So, there is plenty of replay value is rotating the role of the Ruinous Powers, and in learning to adapt to both playing a particular Power, and in frustrating the ambitions of the other Ruinous Powers with the capabilities afforded by each distinct role. But there is also tremendous replay value in the Old World Deck, which creates a series of randomised events which create new conditions and rules. In our first game, for example, killing peasants seemed to be continually rewarded. In the second there were outbreaks of Skaven activity - which lowers the Resistance of regions making it easier for a Power to Dominate a region and win victory points - and a wave of Heroes, who killed off minions belonging to the Power with the highest Threat. But while these were very different games, and while we had rotated seats to play different Powers, I got a very real sense that our understanding of the subtleties of the game was growing, producing more a more satisfying game as a result.

And, importantly, a keen anticipation of the next game.

Documents: Rulebook, FAQ/Errata (Fantasy Flight Games), Rules Summary (Esoteric Order of Gamers).

Friday, 21 August 2015


On my more general blog I recently wrote about my experience of 'getting' D&D having some experience of the scale (and extremes) of American geography. Ed Dove offered a very interesting reply/addendum on G+, which is that to get D&D's take on fantasy you really also have to check out that other icon on American geography, this time entirely synthetic - Disneyland. I'd quote from it, but I'd end up reproducing Ed's comment more of less in its entirety, so I'll simply link to it here.

Suffice to say, I think he's got a point, but what does this have to do with Warhammer? Well, Ed's observation has been made at a particularly opportune time, as Banksy opens Dismaland in Weston-Super-Mare. And Dismaland is to Disneyland, what WFRP is to D&D*; a reflection of the classic tropes distorted by black humour and political cynicism.

[Photograph by Yui Mok/PA, via the Guardian. Not trying to steal the picture, just using it for illustration, please visit the Guardian article to ensure that the proper licensees get their due web-hits.]

*Not all D&D is 'Disneyland American Fantasy'. As the OSR proves, the basic D&D engine is incredibly versatile and capable of handling all manner of genres.

Monday, 20 July 2015

Website: MadAlfred's WFRP Page

MadAlfred is Alfred Nunez Jr., a well-known figure in the WFRP community. One of those writers whose work spans both professional and fan publications, a glance at MadAlfred's webpage would tell you that this man breathes Warhammer, and despite his 4500 Citadel Miniatures, WFRP1e is his oxygen.

He's a representative example of the fact that there is significant overlap between WFRP's writers and WFRP's fans, players, and GMs. This isn't the case with all RPGs, especially with licensed properties being published in big, glossy book, which can often be the product of work-for-hire writers. And there is nothing wrong with that - professional writers gotta eat, and professional writers are professional - but it is a phenomenon that gives the 'dead' game of WFRP (and now the 'dead' setting of the Warhammer World!) some of the vitality found in the OSR, in which the distinction between players and producers is non-existent, in which real-life play, rather than play-testing, is producing some amazing gaming material. WFRP fan-culture chugs along slowly but surely. Actually, given the abandonment of both system and setting, 'fan' is the wrong word, it diminishes the contribution of WFRP players and GMs, reducing them to consumers... of what? Perhaps player-culture would be more appropriate.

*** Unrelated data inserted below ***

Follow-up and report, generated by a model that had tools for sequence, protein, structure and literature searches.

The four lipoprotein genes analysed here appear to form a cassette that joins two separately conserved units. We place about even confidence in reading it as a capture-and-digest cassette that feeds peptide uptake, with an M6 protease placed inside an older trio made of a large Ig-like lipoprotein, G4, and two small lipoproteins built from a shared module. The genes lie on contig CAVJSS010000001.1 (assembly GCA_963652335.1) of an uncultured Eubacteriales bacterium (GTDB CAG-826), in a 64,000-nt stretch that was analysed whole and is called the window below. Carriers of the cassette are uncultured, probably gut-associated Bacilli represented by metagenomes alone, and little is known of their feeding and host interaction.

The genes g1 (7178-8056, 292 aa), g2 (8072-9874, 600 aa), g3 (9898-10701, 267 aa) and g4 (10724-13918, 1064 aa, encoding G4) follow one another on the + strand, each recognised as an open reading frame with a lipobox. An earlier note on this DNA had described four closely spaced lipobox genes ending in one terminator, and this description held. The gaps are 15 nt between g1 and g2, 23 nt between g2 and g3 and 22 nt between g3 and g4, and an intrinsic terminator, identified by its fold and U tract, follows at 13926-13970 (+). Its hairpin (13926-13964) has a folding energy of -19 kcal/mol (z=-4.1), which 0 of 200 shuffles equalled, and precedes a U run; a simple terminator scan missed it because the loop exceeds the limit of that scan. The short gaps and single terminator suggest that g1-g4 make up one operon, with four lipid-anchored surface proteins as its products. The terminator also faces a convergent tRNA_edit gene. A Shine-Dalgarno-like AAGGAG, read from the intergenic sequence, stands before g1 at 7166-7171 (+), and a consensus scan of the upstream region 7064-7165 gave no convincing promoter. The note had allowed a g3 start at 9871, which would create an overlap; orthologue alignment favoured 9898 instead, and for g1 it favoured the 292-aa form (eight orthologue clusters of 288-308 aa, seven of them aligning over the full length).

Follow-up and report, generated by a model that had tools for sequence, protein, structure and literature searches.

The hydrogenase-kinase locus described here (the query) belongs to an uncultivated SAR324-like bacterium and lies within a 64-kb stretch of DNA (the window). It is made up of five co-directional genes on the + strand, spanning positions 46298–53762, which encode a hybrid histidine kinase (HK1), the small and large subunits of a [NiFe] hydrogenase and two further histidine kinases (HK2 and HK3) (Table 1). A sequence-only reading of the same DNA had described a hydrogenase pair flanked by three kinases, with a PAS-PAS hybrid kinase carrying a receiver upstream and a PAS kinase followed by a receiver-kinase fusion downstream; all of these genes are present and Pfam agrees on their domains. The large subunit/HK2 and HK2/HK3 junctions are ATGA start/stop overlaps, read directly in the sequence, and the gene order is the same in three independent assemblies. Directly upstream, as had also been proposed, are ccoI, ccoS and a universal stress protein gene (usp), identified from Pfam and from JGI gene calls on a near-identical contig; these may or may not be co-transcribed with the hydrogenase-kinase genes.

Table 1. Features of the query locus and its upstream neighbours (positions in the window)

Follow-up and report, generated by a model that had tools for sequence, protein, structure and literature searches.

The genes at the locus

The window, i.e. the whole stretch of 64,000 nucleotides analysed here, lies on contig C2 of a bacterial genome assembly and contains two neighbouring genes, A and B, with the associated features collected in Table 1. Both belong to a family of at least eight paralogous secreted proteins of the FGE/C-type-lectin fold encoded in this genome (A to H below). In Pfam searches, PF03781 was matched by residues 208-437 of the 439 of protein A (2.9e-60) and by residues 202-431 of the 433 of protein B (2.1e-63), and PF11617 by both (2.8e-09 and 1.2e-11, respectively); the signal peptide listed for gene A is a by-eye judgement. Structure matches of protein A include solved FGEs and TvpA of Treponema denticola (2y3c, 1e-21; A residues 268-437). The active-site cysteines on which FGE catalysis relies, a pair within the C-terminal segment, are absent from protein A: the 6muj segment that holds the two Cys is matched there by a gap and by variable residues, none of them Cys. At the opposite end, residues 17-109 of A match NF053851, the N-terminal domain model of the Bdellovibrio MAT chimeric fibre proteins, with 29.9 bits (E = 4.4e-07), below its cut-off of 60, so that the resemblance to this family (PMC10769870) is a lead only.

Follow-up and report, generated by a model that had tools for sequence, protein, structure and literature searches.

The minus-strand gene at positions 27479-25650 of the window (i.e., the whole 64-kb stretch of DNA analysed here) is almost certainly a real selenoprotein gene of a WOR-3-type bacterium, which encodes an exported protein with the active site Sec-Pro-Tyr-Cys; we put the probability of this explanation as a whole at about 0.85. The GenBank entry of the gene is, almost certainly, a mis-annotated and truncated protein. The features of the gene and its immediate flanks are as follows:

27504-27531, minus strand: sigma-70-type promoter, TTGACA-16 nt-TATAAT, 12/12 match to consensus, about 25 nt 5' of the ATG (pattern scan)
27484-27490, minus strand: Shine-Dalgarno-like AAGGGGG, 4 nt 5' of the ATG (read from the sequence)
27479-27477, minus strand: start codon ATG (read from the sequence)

MadAlfred's site is jam-packed with articles, maps and gazetteers, and perhaps most importantly a number of large and small-scale adventures. 

Thursday, 16 July 2015

Too much change/Not enough change

Right. It is about time that I weighed on the big debate about changes in Warhammer. I've had plenty of time to consider the rules and setting material.

WFRP2e didn't go far enough! I'm not talking about the system, which included improvements over that of 1e, while remaining close enough to the original for the two games to be speaking dialects of a common language. No, I'm talking about changes to the setting.

WFRP2e's Old World is an immediately post-war setting. And not just any war, but an apocalyptic war that depopulated vast areas and shattered political and social structures. And this is a world in which there are dark things in the forest, inhuman powers to turn to in desperation, etc. 

I know that some of the adventures add a few post-war details, but the feel of the thing is not one in which WFRP2e feels like it ought be played as Twighlight: 2522? Why isn't the whole of the eastern Empire up for grabs for armed men and women with the will to take it? Why doesn't the setting feel like Mad Max crossed with post-Black Death Europe? Why, for all the death and destruction, for all the population=0 in the gazetteers, does the WFRP2e Old World feel more structured and stable than that of WFRP1e? 

For one, it is simply much more detailed. Exhaustively detailed. I own nearly every book for WFRP 1e and 2e, and the 2e setting details are not just exhaustive, they are exhausting! They are some really well produced books, but they are so full of detail that it literally tires me out. Perhaps this is because I read these book as a GM, constantly thinking about the way in which I can incorporate these details into actual play.

But what of this detailed setting itself. Well, remember that the reason the setting of the RPG was changed was to keep it in line with the wargame. A wargame of Emperors riding Griffons and in which every other Graf is nigh-on a superhero, rather than ordinarly weak men, corruptible politicians in a dirty, confusing world. But that's not all of it. Classic D&D has rulership and personal combat/magical ability pretty tightly woven together, and yet built into Classic D&D is also the idea of the lawless, unstructured frontier ripe for adventure - in fact, this implied setting justifies the link between personal ability and rulership. No, being tied to the wargame seemed to demand a setting in which the lines between 'factions' were solid, and the factions themselves were solid - how else could these political entities survive in a world of endless war? Just like the structure of a television show, while it is acceptable to have disruptive events, by episode end the status quo must be restored.

Oh, Age of Sigmar? As Zhou Enlai supposedly said of the French Revolution, 'It's too soon to say'. I'll get back to you in a decade.